Species

Tamarack

(Larix laricina)
Sepcification sheet: Tamarack

Tamarack is a softwood species that belongs to the Pinacea family. It has the particularity of loosing its needles in fall, making it easily distinguishable in winter. This tree is found almost everywhere in Canada. Tamarack grows in association with black spruce, balsam fir, aspen and birch, mainly in poorly drained environments that make it a difficult species to harvest. It can reach 25 m in height, 50 cm in diameter and live 150 years. At the age of 30, this resinous species can yield up to 194 m³/ha. Its virtually rot-proof wood is ideal for outdoor use, not only as shingles, but also for patio furniture and decks. It is a very high quality wood that is handsome in appearance. The difference in colour between the tamarack’s earlywood and darker toned latewood creates an attractive striped pattern that makes for eye-catching furniture and finishing lumber.

Color

Tamarack has yellowish-brown heartwood and somewhat whitish sapwood. Its annual growth rings are fairly easy to see and the transition from earlywood to latewood is abrupt. Outside in harsher weather conditions, the wood changes colour over time and turns silvery grey.

Texture

Tamarack is coarse-textured and often spiral-grained. The wood is more or less oily and somewhat waxy to the touch.

Qualities

The densest softwood in North America, tamarack has excellent dimensional stability and a good modulus of elasticity that is often comparable to that of hardwoods. It is very appreciated in structural applications, particularly for its high resistance to bending and compression. Easy to saw, its processing must take into account the possible presence of cross-grain and resin. Drying is also easy but slow. Nailing and screwing require pilot holes. Tamarack wood has strong mechanical properties with regard to bending and compression. Unlike several other species, it is highly resistant to rot and does not need chemical treatments.

Common applications

Roof shingles. Patio, deck and veranda wood. Bridges, piers and pilings. Posts and pickets. Mouldings and rosettes for indoor and outdoor use. Boats and covering for canoes. Flooring, decking and panelling. Garden furniture.

Machine properties in decreasing order of the overall performance of 17 species*
SpeciesPlaning good to excellentSanding excellentBoring brad point good to excellentBoring multiple spur good to excellentMortising fair to excellentShaping fair to excellentTurning fair to excellentAverage
Red pine8368968078729682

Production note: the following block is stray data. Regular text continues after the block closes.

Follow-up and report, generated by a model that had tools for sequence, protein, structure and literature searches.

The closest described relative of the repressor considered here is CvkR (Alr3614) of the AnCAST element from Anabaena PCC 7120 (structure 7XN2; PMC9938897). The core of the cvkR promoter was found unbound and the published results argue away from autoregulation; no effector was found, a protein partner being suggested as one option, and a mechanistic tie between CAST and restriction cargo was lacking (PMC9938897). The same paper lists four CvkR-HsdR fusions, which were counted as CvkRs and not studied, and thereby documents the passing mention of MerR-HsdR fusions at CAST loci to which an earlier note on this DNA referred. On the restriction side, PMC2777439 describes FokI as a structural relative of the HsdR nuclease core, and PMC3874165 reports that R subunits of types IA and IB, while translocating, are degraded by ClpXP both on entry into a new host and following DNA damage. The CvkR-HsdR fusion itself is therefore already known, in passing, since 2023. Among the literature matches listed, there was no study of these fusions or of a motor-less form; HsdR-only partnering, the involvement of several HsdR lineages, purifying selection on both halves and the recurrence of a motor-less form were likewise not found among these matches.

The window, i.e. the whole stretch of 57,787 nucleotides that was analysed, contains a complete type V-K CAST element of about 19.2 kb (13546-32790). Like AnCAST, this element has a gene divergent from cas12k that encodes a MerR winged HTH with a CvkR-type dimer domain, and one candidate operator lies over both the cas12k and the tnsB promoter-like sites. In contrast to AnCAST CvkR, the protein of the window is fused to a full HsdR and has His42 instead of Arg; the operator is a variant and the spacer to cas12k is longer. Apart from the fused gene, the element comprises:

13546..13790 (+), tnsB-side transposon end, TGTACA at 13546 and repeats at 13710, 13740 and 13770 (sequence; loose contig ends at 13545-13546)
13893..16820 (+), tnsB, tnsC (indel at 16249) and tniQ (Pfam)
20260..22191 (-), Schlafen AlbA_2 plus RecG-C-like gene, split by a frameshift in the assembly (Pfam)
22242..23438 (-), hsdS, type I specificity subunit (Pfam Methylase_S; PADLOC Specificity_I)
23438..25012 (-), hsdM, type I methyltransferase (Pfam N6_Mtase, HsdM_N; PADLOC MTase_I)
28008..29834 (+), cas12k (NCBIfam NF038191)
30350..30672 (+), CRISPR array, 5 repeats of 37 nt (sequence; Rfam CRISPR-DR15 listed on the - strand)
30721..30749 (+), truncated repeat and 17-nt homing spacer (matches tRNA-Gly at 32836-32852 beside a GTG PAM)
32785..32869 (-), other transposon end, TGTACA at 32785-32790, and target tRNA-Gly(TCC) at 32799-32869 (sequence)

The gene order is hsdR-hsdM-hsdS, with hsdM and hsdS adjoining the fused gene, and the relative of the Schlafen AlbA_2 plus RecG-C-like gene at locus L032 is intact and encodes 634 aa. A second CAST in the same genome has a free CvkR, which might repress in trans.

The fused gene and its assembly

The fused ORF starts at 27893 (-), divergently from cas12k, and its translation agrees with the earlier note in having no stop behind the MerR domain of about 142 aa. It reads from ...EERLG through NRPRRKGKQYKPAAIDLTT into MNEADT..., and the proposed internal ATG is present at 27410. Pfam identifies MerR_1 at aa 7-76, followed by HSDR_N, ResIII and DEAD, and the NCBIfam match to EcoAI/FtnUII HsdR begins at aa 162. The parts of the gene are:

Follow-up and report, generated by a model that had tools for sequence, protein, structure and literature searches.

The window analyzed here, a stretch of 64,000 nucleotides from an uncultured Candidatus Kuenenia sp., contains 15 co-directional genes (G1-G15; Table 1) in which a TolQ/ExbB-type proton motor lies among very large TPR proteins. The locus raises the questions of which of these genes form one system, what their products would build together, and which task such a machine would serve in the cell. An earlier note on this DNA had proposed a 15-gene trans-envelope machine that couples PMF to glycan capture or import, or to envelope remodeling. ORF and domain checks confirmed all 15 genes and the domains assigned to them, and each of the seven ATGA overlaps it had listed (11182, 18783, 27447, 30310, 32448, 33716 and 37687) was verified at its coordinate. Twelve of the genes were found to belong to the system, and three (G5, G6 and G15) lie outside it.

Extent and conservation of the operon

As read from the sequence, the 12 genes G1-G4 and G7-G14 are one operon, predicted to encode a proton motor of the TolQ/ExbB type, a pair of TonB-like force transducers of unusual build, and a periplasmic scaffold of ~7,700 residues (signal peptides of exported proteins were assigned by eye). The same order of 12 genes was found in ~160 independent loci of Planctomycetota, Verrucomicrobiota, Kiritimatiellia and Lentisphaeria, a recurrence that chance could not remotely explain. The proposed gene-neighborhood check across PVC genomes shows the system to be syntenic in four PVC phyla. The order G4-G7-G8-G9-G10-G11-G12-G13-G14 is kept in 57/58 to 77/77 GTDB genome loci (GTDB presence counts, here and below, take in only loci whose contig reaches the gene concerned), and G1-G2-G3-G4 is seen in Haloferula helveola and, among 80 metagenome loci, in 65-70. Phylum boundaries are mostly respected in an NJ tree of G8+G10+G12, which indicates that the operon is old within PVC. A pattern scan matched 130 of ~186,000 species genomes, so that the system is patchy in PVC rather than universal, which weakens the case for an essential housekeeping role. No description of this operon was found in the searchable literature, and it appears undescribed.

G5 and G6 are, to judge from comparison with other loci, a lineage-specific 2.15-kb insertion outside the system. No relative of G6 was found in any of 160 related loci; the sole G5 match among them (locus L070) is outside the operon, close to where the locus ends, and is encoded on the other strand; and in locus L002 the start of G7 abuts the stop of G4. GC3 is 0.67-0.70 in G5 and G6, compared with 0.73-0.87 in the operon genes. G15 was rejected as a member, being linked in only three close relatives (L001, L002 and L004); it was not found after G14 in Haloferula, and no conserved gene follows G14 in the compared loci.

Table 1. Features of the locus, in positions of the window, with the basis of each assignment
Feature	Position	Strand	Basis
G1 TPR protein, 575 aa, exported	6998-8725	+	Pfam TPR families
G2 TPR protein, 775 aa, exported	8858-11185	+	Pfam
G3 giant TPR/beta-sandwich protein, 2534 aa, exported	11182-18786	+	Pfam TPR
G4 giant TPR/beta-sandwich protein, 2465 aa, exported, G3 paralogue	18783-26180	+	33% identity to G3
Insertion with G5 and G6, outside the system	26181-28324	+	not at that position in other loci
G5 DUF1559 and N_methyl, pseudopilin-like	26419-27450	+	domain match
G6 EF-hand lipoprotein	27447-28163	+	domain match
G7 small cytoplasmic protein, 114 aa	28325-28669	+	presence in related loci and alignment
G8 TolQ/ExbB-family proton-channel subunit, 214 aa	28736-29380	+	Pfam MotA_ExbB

Yellow birch89529886567810080
Eastern white ceddar71941006856609878
Hard maple698298100385610078
Jack pine5784947662589475
Aspen744986698869675
Tamarack4984986466827274
White birch7089888667410072
Black spruce6652928052689071
Eastern white pine785210086245810071
Soft maple63409298425010069
Scots pine6640968036709469
Norway spruce6674965670585067
White spruce6752925044746263
Balsam fir4754946264525461
Sugi9166965424603060
Hemlock367294561866650

* Values are the pourcentage of tested specimens reaching the indicated performance.

Standard dimensions available
THICKNESS BY WIDTH (LENGTH)
Imperial systemMetric system
Decking5/4’’ × 6’’ (6’ à 16’)6/4’’ × 6’’ (6’ à 16’)31,8 mm × 152,4 mm (1,83 m à 4,88 m)38,1 mm × 152,4 mm (1,83 m à 4,88 m)
Flooring4/4’’ × 4’’ (4’ à 8’)4/4’’ × 6’’ (4’ à 8’)25,4 mm × 101,6 mm (1,22 m à 2,44 m)25,4 mm × 152,4 mm (1,22 m à 2,44 m)
Mine timbers6’’ × 6’’ (16’)8’’ × 8’’ (16’)152,4 mm × 152,4 mm (4,88 m)203,2 mm × 203,2 mm (4,88 m)
Railroad ties7’’ × 9’’ (6’ à 8’)4’’ × 6’’ (6’ à 8’)177,8 mm × 228,6 mm (1,83 m à 2,44 m)101,6 mm × 152,4 mm (1,83 m à 2,44 m)
Shingles¾’’ × 4’’ (10’)¾’’ × 5’’ (10’)¾’’ × 6’’ (10’)¾’’ × 7’’ (10’)19,1 mm × 101,6 mm (3,05 m)19,1 mm × 127,0 mm (3,05 m)19,1 mm × 152,4 mm (3,05 m)19,1 mm × 177,8 mm (3,05 m)
Structural elements for bridges8’’ × 10’’ (40’)6’’ × 6’’ (12’)8’’ × 8’’ (12’)203,2 mm × 254,0 mm (12,20 m)152,4 mm × 152,4 mm (3,66 m)203,2 mm × 203,2 mm (3,66 m)
Glulam beams2’’ × 3’’ (3’ à 8’)50,8 mm × 76,2 mm (0,91 m à 2,44 m)
Mouldings1’’ × 2’’ (6’ à 10’)25,4 mm × 50,8 mm (1,83 m à 3,05 m)
Wood for boxes and crates4‘’ × 4’’ (4’)4’’ × 6’’ (4’)101,6 mm × 101,6 mm (1,22 m)101,6 mm × 152,4 mm (1,22 m)
Edge-glued lumber for trailer beds2’’ × 3’’ (32’’ à 10’)2’’ × 4’’ (32’’ à 10’)2’’ × 6’’ (32’’ à 10’)50,8 mm × 76,2 mm (0,81 m à 3,05 m)50,8 mm × 101,6 mm (0,81 m à 3,05 m)50,8 mm × 152,4 mm (0,81 m à 3,05 m)

Net dimensions may vary depending on the producer. Other dimensions produced upon request.

Note: When tamarack is marketed as dimension or structural lumber, its quality is determined by the National Lumber Grades Authority (NLGA) and bears the stamp of the Northern Species group – N. Species, or of the Eastern Hemlock-Tamarack group – Hem-Tam (N) (NLGA 2005, paragraphs 121, 124, 130 and 131).

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